Monetary Policy Bank of Canada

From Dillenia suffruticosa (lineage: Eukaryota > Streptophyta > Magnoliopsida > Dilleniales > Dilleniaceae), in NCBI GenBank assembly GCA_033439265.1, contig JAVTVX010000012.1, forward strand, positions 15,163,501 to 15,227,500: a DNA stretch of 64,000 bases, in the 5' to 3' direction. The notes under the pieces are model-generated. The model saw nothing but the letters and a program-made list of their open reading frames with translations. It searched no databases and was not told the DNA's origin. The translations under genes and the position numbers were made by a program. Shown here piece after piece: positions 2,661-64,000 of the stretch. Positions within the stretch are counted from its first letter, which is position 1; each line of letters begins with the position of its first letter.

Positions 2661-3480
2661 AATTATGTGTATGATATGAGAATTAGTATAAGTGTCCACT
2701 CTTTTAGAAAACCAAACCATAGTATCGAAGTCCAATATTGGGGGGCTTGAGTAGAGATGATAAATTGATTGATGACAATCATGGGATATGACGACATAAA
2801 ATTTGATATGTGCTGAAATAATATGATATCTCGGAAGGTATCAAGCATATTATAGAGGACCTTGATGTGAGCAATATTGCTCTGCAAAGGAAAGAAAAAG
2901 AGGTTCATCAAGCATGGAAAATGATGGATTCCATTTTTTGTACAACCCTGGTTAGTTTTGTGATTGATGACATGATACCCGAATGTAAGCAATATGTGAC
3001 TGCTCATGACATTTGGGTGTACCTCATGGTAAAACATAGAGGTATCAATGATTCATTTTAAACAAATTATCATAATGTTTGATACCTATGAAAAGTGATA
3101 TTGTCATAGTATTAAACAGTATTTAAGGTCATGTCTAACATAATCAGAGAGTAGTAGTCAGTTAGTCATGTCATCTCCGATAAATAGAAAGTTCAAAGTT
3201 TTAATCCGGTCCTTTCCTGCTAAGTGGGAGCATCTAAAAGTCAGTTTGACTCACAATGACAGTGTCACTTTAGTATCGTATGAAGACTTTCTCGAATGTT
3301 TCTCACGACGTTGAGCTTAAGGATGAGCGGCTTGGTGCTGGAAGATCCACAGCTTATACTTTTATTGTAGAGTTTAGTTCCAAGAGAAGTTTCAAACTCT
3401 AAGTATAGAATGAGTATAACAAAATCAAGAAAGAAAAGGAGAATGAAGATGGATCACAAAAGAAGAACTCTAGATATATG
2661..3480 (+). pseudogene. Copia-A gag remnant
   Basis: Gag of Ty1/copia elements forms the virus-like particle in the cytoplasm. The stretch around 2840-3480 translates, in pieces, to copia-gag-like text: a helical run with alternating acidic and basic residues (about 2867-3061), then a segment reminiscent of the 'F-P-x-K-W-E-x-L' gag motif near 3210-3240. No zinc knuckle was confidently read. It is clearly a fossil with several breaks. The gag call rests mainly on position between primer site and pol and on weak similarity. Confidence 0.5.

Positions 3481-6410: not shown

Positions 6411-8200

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1 Bank of Canada The objective of monetary policy may be gleaned from to preamble to the Bank of Canada Act of 1935 which says, regulate credit and currency in the best interests of the economic life of the nation and to mitigate by its influence fluctuations in the general level of production, trade, prices and employment, so far as may be possible within the scope of monetary action In other words, it gives the Bank of Canada the mandate to control money supply, and interest rates (depending on its target), and prevent excessive deviations of economy activity from the potential output level, which consequently controls employment and inflation. Performance The Bank of Canada s stated aim had been to keep Canada s inflation rate within the range of 1 to 3 percent, and will aim to keep the trend of inflation at the two percent mid point. In terms of this target, they have been very successful in both respects. Rationale for the policy The benefit of controlling inflation or setting the inflation rate as the target is that it allows all constituents within the economy to make better decisions due to well formed expectations about the economy s future. Recall both your AD and AS are affected by expectations. Bureaucratic Process Both the Government of Canada and the Bank of Canada jointly agree upon monetary policy, and their targets. 1. The stand of the Bank of Canada is made by the Governing Council of the Bank of Canada consisting of the Governor (David Dodge), Senior Governor and 4 deputy Governors, all experts in having been through the ranks of the central bank. 2. The Council is assisted by research performed by research economist within the central bank. 3. is then made through consultation between the Governor and the Minister of Finance, with the final overriding power vested with the Minister. 1